It is also installment number three yet it deals with number two and takes place on July 1. Don’t worry though. I don’t think you’ll find this piece confusing. Disgusting, perhaps, but confusing, no.

All shit great and small (and the one I took that morning was certainly great) comes from a meal and it is the type of meal that determines its density and destiny. So here’s the thing: I cannot for the life of me remember what I had for dinner the night of June 30. Later events would indicate that it was a sizable meal, but with little evidence as to its exact contents. I think I ate either pizza or a cheeseburger and fries. Either would prove consistent with, well, the consistency.

I think the reason I’ve forgotten about the dinner is that it had no immediate effect other than putting me in a much-needed food coma. It had been a tiring week so I was more than happy to crash early and  sleep like, well, a log.

At this point, you are probably at or reaching the conclusion that I have an obsession with feces. While there is some merit to this claim, I cannot say that it is entirely true at all times as I am about to point out.

For most of my morning commute on July 1, the subject of poo was the furthest thing from my mind. It was a lovely bus ride down the peninsula. Traffic was light so there were no sudden slowdowns to reel my mind back from where it had gone on walkabout. The earbuds were in and one of my favorite albums, the Minutemen’s “Double Nickels on the Dime,” was playing at a comfortably high volume. The word “shit” was in the lyrics fairly often (more so than in, say, Barry Manilow songs), but it was mostly used figuratively. Defecation, particularly mine, was a topic I blissfully and uncounsciously ignored.

That all changed at some point after the bus exited the freeway and I was a couple of miles away from my stop. Do you know how you kind of have to go to the bathroom and you decide not to worry about it until the situation gets more urgent? This was not one of those times. I went from not having to go at all to going into ass labor within a blink of an eye. A brown eye.

To make matters worse, I also had intestinal gas so it didn’t feel like I was going to make it for the rest of the trip. If all this happened twenty minutes ago, it wouldn’t be a problem. The bus has a lavatory so all I would have to do is go in there, drop the bomb, and spend the rest of the commute in comfort.

I needed to relieve the pressure and do so quickly. If the poop is solid, farting is reasonably safe.  Diarrhea yields a different result. Lucky for me, I am in tune with my body in that I I can tell with near-perfect accuracy if a bowel movement is solid or liquid while it is still inside of me.  . This is a valuable skill to have when your only options are to cut the cheese or explode. So cut the cheese I did and it was a big one that provided me a wonderful if temporary respite from the peristalsis juggernaut.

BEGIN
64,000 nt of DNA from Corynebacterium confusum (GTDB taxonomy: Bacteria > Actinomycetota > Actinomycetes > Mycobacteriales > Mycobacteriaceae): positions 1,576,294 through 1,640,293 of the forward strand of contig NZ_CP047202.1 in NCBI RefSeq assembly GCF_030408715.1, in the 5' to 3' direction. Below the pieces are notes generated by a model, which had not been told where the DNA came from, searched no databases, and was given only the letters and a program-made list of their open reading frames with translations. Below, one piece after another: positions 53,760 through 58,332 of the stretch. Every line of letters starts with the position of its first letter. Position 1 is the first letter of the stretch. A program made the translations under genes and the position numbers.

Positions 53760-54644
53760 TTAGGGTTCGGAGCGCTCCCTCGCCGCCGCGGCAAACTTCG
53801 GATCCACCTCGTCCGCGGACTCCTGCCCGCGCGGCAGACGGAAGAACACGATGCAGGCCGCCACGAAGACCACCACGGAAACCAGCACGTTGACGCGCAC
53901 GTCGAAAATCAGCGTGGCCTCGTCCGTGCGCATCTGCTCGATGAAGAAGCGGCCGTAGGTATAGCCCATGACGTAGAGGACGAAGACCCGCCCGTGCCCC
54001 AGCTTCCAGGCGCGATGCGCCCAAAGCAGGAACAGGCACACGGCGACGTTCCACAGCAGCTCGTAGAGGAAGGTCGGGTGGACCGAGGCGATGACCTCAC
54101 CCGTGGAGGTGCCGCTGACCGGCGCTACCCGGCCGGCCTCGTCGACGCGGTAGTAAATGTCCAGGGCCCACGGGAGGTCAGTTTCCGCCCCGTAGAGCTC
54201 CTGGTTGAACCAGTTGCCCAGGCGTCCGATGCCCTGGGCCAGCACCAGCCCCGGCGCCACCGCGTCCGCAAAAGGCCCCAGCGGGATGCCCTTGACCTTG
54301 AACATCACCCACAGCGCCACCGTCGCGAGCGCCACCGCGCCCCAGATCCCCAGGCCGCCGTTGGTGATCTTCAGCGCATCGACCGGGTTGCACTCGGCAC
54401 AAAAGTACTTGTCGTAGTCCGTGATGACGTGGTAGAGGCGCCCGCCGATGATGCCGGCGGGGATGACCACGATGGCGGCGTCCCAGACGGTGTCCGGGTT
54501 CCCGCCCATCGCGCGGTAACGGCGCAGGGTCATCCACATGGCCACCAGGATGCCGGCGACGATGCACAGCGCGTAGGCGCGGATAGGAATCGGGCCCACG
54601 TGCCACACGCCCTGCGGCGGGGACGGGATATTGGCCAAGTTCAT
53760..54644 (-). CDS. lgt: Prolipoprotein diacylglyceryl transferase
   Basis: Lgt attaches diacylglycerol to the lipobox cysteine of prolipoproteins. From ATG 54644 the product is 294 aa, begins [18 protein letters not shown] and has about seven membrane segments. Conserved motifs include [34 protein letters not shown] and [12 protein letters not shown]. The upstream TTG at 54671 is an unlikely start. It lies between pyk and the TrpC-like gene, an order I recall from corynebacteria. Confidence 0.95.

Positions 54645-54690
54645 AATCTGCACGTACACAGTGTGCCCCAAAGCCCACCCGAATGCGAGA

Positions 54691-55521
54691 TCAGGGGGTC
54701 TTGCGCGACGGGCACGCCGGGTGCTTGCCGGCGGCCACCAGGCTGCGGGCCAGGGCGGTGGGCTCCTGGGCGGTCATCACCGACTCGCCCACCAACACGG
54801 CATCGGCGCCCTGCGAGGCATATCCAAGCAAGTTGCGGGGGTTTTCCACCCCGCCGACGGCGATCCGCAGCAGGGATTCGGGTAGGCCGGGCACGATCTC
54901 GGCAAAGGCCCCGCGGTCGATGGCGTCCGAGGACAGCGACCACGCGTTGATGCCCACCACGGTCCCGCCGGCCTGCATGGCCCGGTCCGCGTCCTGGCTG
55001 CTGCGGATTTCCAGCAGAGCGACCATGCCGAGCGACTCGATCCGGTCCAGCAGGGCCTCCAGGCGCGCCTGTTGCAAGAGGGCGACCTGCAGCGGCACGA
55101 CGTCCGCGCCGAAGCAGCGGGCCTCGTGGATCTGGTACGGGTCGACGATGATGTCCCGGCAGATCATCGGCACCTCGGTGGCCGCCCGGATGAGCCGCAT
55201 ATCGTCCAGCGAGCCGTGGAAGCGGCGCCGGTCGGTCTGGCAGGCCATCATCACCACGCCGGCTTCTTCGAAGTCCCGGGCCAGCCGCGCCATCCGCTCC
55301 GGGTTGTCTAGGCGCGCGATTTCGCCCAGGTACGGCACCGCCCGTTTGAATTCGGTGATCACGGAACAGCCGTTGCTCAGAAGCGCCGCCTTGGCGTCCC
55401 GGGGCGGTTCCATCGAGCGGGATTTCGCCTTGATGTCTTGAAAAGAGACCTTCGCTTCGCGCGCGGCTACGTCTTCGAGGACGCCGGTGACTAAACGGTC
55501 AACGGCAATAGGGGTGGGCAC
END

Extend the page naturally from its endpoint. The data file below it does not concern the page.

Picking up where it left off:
You may be wondering if I have any moral qualms or shame when it comes to public flatulence. Like most people, it’s only problematic for me if I get caught. Humans, unlike some other animal species, have no directional sense of smell. Ergo, post-fartem plausible deniability is pretty easy to maintain as long as you’re not giggling or asking for a high five.

People do however possess a directional sense of hearing and with my earbuds in and loud music playing, I had no idea how loud the fart was. Maybe no one heard me . The nearest other passenger was two seats ahead and maybe my wind was less of a thundering trumpet than it felt like coming out. Maybe the it was indistinguishable from the sound of the bus. Or maybe the guy was hard of hearing. He wasn’t wearing a hearing aid that I could see, but maybe he needed to.

He got off the stop before mine. I didn’t see any dirty looks from him as he walked by, but I really wasn’t paying attention. The relief my flatulence had gotten me was short lived and my attention was focused on getting ready to exit the bus pronto and make a bee line for the nearest restroom.

Fortunately, the only other person getting of at that stop was sitting way up at the front and she was out the door fast enough to not impede me. I even managed to grunt my pro-forma thank you to the driver, exhibiting some of that grace under pressure that Hemingway had such a hard-on for.

On the way to the building, the situation was now desperate. I felt like I was turtling mighty Gamera himself.  I decided not to try to get to the third floor where I worked. There was a single-occupancy shitter through a door in the lobby. If it was occupied, I didn’t know what I would. Shit, both figurative and literal, had just gotten real.

Luck was with me and the restroom was empty. I was inside, pants down, and on the pot in nothing flat. Then came the closest thing to childbirth I shall ever experience. One could even call it more of a burdensome ordeal because in my case, abortion was never an option.